The life and work of short-story writer Katherine Mansfield, in five pieces of trivia
1. Katherine Mansfield was the only writer who made Virginia Woolf jealous. When Katherine Mansfield died of tuberculosis, aged just 35, in 1923, fellow modernist writer Virginia Woolf confided in her diary: ‘I was jealous of her writing – the only writing I have ever been jealous of.’ Mansfield’s short stories – notably ‘Bliss’ (1918) and ‘The Garden Party’ (1920) – are among the most important works of Anglophone modernist fiction. Like many modernist writers (though unlike Woolf), Mansfield was born and raised outside of Victorian England, in New Zealand (where she was born Kathleen Mansfield Beauchamp in 1888, the same year as fellow modernist T. S. Eliot). She grew up to be unconventional in both her lifestyle and her writing.
But that is the satisfaction of writing – one can impersonate so many people. – Katherine Mansfield
2. She was friends with D. H. Lawrence for a time, though their friendship ended sourly. Another writer of modernist fiction, D. H. Lawrence, hosted Mansfield and her second husband John Middleton Murry (an influential critic and editor, and the executor of Mansfield’s work after her death) at his house in Cornwall. However, as John Sutherland records in his absorbing Lives of the Novelists: A History of Fiction in 294 Lives, the friendship took a drastic wrong turn and Lawrence and Mansfield fell out. Later, when she was dying of TB, Lawrence sent her what Sutherland describes as a ‘get worse’ card: ‘You are a loathsome reptile I hope you will die.’ Lawrence himself would die of tuberculosis seven years after Mansfield.
3. Indeed, although Woolf admired her writing, she was less enthusiastic about Mansfield personally. Personal hygiene in particular was an issue: Woolf recorded that Mansfield ‘stank like a civet cat who had taken to street walking.’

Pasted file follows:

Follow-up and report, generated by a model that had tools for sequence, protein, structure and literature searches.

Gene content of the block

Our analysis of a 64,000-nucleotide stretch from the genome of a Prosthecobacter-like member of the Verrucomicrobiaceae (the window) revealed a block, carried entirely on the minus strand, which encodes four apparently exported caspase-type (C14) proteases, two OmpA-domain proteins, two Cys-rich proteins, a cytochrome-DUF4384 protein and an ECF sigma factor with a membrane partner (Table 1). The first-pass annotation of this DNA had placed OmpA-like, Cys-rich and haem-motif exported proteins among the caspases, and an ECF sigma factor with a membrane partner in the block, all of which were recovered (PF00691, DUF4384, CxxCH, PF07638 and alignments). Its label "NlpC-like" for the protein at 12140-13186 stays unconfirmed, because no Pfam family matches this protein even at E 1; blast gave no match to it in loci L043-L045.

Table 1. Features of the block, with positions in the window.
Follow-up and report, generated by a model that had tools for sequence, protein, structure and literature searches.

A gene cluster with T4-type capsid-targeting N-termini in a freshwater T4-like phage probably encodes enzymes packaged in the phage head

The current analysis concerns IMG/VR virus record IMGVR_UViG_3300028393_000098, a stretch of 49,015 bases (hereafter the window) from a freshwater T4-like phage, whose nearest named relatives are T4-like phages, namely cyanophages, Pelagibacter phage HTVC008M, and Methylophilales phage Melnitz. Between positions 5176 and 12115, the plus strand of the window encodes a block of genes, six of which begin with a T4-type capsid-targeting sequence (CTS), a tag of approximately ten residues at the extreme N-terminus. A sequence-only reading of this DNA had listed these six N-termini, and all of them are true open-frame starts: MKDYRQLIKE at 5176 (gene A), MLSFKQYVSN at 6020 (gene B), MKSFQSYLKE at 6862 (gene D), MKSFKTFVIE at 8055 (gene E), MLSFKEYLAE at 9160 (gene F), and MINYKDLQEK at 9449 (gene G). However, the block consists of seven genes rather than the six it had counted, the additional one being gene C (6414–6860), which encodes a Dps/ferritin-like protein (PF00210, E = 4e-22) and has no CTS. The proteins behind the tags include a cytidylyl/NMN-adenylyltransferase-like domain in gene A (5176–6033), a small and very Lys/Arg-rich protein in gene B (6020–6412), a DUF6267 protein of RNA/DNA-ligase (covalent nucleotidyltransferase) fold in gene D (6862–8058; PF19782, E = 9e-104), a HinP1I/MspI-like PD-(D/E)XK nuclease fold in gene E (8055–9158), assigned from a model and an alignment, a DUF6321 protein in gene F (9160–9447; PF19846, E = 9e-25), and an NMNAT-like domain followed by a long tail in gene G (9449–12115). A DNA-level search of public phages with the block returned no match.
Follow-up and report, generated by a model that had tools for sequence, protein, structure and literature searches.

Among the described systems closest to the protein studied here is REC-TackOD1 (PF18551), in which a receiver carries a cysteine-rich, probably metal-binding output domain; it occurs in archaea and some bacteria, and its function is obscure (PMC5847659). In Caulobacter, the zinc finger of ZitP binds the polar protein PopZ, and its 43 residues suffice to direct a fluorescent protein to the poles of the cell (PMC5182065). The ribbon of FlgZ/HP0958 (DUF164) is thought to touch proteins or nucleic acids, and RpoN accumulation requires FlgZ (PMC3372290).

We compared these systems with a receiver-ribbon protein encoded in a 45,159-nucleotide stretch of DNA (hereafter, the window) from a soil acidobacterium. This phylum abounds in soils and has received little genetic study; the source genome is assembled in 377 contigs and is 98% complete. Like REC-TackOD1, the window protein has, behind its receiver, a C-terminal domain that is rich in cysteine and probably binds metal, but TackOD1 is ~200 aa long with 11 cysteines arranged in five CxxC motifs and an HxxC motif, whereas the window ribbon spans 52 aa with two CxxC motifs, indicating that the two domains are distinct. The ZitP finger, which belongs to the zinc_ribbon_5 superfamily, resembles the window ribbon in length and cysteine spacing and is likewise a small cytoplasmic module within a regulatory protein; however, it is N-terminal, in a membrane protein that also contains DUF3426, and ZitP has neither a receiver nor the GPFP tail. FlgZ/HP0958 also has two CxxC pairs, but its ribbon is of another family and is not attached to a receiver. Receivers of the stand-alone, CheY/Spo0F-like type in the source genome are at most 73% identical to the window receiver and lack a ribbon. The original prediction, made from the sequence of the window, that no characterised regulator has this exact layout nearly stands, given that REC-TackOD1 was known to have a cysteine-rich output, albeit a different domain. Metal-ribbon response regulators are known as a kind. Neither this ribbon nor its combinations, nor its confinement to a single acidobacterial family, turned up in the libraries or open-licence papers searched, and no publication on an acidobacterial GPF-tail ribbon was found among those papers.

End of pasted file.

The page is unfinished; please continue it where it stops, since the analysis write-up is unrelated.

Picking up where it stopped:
4. Katherine Mansfield wore mourning dress to her first wedding and left her husband on their wedding night. Murry was Mansfield’s second husband; her first marriage had lasted all of one day. Having fallen in love with a musician who did not return her affections, Mansfield got herself pregnant by his twin brother, and then persuaded her music teacher to marry her. The marriage was never consummated and she spent the wedding night with Ida Baker, her close female friend (or more than friend?) whom she called her ‘wife’. Shortly after her disastrous marriage, she lost the baby. She reinvented herself as Katherine Mansfield (disowning her birth name, Beauchamp), and published her first volume of stories in 1911.
The pleasure of all reading is doubled when one lives with another who shares the same books. – Katherine Mansfield
5. She is acknowledged as one of the leading modernist writers, though her output is relatively small – she never wrote a full-length novel. Katherine Mansfield died in her mid-thirties in 1923, and only wrote short stories. She learnt to innovate in the short-story form thanks largely to her reading of Russian writer Anton Chekhov, whose short fiction tended to focus on individual moments and on everyday observations, rather than exciting or action-packed plots. Among her most celebrated short stories are ‘The Garden Party’ (which we’ve analysed here) and ‘Bliss’.
Image: Katherine Mansfield, author unknown, Wikimedia Commons.